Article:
The great battle finally took place on July 21, 1861. Although it was done slowly and with confusion, McDowell’s flank move was executed, putting a solid segment of the Union army across Bull Run. It initially looked like the Union was going to break through, but Johnston’s reinforcements arrived in time to enable Beauregard to hold off the attacks made by McDowell’s forces. At one point that many would remember, Brigadier General Barnard Bee sought to rally some of the wavering Confederate regiments. Close by, he saw a Virginia brigade of Johnston’s troops, standing fast and maintaining a sharp fire. Led by a former Virginia Military Institute professor, Brigadier General Thomas J. Jackson, the brigade was a sight to behold. “There is Jackson standing like a stone wall!” shouted Bee, gesturing with his sword. “Rally behind the Virginians!” Bee was mortally wounded that day, but his words gave birth to a great name. “Stonewall” Jackson would make his presence felt across many more battlefields throughout the war.
Thomas “Stonewall” Jackson. (Photo: Wikimedia Commons)
The last of Johnston’s brigades detrained at Manassas in midafternoon and helped spearhead a counterattack that turned Union defeat into a rout. After McDowell’s beaten army had crossed Bull Run, they ran headlong into hundreds of Washington civilians who had been watching the battle while picnicking on the fields east of the river. As Union wagon trains, ambulances, reserve artillery, and disorganized stragglers began to take the road back to Washington; the civilians were also trying to escape, creating the father and mother of all traffic jams.
Jefferson Davis commandeered a special train and with a single aide, traveled northward more than a hundred slow, frustrating miles to reach the battlefield. The Confederate president arrived at Manassas Junction in midafternoon. He wasted no time, borrowing a horse and riding toward the sound of the guns. When Davis encountered stragglers and wounded men, he feared the worst and tried to rally them. “I am President Davis,” he shouted, “Follow me back to the field.” Some of the men did. When Davis reached Johnston’s headquarters, he found the general sending reinforcements to the front and it was clear that the Confederates were triumphant. The president wanted to organize a pursuit of the beaten enemy, but upon reflection and further consultation, Davis concluded that in the darkness and the disorganized confusion of the battle’s aftermath, an effective pursuit was impossible.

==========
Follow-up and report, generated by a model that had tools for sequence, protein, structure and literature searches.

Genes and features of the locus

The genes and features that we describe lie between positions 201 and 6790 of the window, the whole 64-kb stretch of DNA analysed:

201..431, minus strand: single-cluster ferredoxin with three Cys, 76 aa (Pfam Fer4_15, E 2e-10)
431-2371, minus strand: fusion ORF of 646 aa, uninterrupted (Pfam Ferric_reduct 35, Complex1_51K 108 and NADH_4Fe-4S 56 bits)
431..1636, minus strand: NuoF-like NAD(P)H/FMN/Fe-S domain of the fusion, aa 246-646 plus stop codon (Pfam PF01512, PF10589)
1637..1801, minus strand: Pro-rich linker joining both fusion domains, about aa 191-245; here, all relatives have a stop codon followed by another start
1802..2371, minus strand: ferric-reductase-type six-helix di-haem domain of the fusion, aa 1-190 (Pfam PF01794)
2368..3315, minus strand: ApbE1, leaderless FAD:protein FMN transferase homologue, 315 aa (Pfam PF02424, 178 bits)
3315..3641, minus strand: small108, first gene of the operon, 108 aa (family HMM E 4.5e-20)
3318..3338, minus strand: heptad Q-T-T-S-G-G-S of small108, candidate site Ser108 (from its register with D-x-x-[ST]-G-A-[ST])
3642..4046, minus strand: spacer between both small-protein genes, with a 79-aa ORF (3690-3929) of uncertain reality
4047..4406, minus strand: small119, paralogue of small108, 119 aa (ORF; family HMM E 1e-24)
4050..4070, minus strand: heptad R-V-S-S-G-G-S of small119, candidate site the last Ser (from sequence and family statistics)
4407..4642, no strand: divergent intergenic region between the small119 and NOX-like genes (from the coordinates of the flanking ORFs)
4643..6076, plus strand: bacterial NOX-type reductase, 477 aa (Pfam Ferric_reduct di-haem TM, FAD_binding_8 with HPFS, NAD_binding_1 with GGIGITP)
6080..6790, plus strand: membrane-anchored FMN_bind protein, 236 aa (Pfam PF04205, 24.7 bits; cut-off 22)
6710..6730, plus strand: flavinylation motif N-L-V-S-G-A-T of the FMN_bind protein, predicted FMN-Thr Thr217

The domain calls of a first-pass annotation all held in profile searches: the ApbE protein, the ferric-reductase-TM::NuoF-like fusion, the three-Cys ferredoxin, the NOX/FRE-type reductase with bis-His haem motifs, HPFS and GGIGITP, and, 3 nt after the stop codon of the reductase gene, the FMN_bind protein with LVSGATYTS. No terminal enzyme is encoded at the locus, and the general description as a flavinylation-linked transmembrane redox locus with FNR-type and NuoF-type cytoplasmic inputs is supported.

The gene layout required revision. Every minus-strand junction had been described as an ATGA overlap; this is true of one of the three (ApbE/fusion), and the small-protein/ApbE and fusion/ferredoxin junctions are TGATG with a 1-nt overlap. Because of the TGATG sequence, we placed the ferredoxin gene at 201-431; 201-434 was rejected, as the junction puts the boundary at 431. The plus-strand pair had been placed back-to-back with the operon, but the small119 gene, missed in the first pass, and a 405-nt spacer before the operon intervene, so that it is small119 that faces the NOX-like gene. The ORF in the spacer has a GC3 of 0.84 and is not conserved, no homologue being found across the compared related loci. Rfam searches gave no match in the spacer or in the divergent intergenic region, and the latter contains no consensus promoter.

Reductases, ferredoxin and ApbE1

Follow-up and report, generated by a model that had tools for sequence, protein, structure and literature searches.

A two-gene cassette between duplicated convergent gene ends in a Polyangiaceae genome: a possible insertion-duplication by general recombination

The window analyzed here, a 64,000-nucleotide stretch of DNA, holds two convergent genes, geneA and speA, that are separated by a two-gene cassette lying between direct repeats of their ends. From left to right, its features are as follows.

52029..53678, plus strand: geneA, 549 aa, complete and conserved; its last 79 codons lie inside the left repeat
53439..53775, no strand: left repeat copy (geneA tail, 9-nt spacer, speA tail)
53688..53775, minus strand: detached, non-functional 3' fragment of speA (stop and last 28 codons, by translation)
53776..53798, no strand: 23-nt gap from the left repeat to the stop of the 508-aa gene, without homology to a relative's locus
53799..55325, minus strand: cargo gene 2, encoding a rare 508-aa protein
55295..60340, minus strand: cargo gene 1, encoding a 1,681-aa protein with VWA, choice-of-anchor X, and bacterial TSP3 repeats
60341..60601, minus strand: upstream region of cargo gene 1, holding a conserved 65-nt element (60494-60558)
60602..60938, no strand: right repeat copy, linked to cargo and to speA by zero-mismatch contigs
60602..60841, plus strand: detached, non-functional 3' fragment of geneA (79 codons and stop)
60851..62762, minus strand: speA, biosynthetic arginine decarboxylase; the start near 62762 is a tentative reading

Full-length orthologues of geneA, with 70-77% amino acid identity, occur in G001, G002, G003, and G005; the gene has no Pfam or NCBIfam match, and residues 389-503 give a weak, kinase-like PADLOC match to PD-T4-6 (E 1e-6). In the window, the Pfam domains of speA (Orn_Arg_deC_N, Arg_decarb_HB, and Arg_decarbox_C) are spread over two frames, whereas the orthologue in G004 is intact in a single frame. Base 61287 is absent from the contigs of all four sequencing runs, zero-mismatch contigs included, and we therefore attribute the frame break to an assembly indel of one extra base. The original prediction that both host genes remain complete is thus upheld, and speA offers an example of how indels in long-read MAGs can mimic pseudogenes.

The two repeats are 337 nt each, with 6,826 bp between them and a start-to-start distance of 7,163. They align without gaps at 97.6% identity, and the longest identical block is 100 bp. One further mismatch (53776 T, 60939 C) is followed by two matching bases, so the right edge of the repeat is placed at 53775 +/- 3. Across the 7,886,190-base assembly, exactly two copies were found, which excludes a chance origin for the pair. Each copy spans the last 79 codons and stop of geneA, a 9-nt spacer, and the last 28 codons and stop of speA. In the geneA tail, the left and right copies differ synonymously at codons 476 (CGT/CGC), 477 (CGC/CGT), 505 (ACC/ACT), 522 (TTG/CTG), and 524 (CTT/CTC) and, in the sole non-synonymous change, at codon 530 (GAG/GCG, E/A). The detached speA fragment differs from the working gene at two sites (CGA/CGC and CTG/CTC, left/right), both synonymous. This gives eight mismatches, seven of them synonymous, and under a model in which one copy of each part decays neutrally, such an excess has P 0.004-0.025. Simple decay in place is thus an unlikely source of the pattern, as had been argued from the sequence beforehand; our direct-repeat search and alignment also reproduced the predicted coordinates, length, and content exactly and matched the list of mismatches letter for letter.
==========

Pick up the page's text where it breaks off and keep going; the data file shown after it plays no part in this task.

Confederate President Jefferson Davis. (Photo: Wikimedia Commons)
Despite the inexperience of the soldiers, most Northerners and Southerners had performed far better than anyone had a right to expect. Some Union men wore gray that day and there were Confederates who wore blue. The inconsistency of uniforms only added to the confusion of the brutal struggle on July 21.
“Stonewall” Jackson wearing his rumpled blue VMI uniform at the First Battle of Bull Run. Painting by Don Troiani. (Photo: The Horse Soldier)
The Union suffered around 2,896 killed, wounded, and missing at Bull Run. Confederate losses came to around 1,982. For those who had expected a short and bloodless war, these numbers were shocking. The battle had a powerful psychological impact in both the North and South. For the Confederacy, victory produced exultation and overconfidence. A Georgian pronounced Manassas “one of the decisive battles of the world.” It “has secured our independence.” In the North, defeat produced panic and despair, but also renewed determination. On July 22, President Lincoln ordered that a telegram be sent to the victorious General George B. McClellan in western Virginia summoning him to Washington, where he would be placed in command of a reorganized army of three-year volunteers newly named the Army of the Potomac. Gone were the days of the amateur armies. After Bull Run, both sides got down to business.
Embattled Rebel: Jefferson Davis and the Confederate Civil War by James M. McPherson.
History.com: First Battle of Bull Run.
The Civil War: A Concise History by Louis P. Masur.
The Civil War by Bruce Catton.
Tried By War: Abraham Lincoln as Commander in Chief by James M. McPherson.